Forming an Association Through Positive Memories
Did you know that Pepsi tastes better than Coke to most people?
That’s not an opinion. Blind taste tests have proven this over and over.
Yet Coke continues to dominate – controlling 42% of the carbonated soft drink market, versus Pepsi’s 30%.
Why is this the case? The answer lies in our emotions.
To understand what marketers and consumer behavior researchers came to call “The Pepsi Paradox,” scientific research looked at people’s brains when they knew they were drinking Pepsi versus Coca Cola.
When they did not know what they were drinking, people preferred Pepsi. But when they were told what beverage they were drinking, they preferred Coke.
Brain imaging revealed why.
The area of the brain associated with positive memories – the ventromedial prefrontal cortex, or VMPC – is activated when we think of a familiar brand name product.
The “brand experience” that has been created by Coke actually changed the taste experience of subjects.
Most of us do not want to believe that we can be influenced in this way. We want to think that we decide things rationally; that we use measurable pros and cons to make choices.
But study after study has found that emotions matter – a lot.
In fact, a professor of neuroscience at the University of Southern California, Antonio Demasio, takes this argument even further.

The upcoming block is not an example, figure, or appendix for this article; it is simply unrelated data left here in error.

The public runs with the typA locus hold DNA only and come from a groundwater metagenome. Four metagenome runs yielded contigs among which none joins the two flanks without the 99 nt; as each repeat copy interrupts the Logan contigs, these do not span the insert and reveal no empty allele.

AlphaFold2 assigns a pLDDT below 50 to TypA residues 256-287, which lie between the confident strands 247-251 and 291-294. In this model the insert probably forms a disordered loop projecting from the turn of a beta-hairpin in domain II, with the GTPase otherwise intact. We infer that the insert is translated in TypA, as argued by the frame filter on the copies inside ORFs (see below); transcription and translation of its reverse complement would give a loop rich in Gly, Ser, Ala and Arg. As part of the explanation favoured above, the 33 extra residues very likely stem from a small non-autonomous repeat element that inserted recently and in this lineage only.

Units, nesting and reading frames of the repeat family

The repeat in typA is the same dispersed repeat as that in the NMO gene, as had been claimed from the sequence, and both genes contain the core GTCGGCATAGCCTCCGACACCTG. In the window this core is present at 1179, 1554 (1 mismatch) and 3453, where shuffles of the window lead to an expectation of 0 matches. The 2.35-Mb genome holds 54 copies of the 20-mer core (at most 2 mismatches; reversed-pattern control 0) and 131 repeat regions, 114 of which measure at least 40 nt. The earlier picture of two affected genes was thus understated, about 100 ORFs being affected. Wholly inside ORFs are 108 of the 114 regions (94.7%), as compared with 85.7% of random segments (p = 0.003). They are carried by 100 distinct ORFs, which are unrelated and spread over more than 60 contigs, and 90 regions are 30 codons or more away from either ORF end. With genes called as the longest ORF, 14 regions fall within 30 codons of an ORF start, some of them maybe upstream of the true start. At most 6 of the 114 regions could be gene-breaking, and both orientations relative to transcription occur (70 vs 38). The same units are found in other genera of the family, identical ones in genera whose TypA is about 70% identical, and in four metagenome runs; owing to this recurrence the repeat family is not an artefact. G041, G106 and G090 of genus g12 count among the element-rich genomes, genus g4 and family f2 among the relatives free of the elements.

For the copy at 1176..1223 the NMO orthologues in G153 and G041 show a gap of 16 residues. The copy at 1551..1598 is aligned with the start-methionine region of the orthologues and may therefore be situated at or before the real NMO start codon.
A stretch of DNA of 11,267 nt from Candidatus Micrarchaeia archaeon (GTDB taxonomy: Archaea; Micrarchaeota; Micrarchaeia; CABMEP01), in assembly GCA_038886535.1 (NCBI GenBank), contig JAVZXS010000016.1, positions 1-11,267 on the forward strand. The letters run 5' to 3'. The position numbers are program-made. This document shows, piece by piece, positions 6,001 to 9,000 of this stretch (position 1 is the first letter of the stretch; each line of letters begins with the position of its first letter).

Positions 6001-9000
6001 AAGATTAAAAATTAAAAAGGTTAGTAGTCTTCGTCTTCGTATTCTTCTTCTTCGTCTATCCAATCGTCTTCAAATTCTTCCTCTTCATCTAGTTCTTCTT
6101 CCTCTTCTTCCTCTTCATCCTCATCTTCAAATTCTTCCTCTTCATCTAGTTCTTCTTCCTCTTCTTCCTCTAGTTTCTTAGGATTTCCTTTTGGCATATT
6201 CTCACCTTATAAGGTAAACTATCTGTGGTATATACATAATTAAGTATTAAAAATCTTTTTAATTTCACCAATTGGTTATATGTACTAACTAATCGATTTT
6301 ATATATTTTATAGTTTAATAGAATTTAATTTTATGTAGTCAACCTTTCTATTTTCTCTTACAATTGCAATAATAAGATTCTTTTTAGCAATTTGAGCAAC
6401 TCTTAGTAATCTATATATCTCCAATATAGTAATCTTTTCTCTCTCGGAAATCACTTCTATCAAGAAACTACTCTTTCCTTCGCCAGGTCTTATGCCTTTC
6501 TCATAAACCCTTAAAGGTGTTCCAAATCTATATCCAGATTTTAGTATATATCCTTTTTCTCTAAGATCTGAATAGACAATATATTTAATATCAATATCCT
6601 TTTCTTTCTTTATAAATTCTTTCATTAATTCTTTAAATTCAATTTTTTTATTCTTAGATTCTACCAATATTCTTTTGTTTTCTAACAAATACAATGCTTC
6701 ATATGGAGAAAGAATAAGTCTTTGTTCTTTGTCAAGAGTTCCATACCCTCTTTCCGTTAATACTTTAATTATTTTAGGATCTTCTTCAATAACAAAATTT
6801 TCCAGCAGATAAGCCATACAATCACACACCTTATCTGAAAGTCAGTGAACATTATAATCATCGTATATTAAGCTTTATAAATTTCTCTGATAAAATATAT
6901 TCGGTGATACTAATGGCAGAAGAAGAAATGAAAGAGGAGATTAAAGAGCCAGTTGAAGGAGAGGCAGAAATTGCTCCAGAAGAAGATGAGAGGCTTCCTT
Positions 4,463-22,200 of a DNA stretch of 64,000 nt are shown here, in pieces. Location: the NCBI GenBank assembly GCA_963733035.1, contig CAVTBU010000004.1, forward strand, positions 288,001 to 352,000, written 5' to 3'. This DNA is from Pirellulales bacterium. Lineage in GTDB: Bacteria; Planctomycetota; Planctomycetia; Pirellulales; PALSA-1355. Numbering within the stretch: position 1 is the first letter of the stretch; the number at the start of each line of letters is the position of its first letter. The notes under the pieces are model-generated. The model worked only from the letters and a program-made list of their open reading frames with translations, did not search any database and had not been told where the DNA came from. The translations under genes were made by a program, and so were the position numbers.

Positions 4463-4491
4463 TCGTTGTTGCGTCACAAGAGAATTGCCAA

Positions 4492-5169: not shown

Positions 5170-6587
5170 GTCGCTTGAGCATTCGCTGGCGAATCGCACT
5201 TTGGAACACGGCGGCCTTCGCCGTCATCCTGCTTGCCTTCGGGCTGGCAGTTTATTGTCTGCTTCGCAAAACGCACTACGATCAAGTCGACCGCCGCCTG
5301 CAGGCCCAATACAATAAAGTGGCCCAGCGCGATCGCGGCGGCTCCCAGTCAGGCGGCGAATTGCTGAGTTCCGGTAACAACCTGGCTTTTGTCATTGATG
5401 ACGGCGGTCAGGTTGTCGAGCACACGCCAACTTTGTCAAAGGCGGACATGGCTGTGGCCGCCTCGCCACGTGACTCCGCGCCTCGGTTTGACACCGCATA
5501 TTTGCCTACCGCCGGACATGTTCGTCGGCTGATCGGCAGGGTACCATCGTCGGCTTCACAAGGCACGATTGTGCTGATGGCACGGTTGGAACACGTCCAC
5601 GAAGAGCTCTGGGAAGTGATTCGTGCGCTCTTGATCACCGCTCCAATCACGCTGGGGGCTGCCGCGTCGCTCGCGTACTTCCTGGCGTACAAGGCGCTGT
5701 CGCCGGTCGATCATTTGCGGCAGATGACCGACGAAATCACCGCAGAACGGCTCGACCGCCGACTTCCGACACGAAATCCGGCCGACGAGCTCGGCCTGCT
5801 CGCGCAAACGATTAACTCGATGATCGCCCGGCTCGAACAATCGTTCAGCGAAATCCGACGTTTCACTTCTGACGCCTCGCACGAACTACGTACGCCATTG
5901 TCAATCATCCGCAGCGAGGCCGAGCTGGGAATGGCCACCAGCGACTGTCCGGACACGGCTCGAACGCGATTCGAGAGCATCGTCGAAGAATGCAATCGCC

He believes that our decisions are more than just influenced by emotion – when feelings are not involved, people literally cannot choose between two things.
His view is based on studies he conducted on people who had suffered damage to the connections between the “thinking” and “emotional” areas of their brains.
When given a choice of alternatives, they were able to rationally process information about their options.
Despite this, they could not ultimately come to a decision, because they were not able to determine how they felt about those options.
Without any emotional connection, the facts and figures simply did not matter.
This is as true for digital brands as it is for their “real world” counterparts.
Zappos, as an example, is a brand that’s taken this message to heart and that’s since dedicated itself to connecting its brand to positive emotions.
Nowhere is this more evident than in the Zappos customer service team.
The company famously does not require call center reps to follow a specific script, instead encouraging them to let their personalities shine and to take care of the customer’s needs by living in the moment.
They’ve gone as far as sending flowers to customers, surprising customers with upgrades to overnight shipping, and even talking on the phone with customers for as long as 10 hours.
The goal is repeated association with positive memories. And the result is loyal customers.
When you’re making branding decisions, focus on creating an emotional experience first.
How can I bring about humor, inspiration, admiration, awe, surprise, or delight? How can I create a positive memory that will not only make someone choose my brand over the competition, but remain loyal?
But don’t just think these thoughts – put them into practice.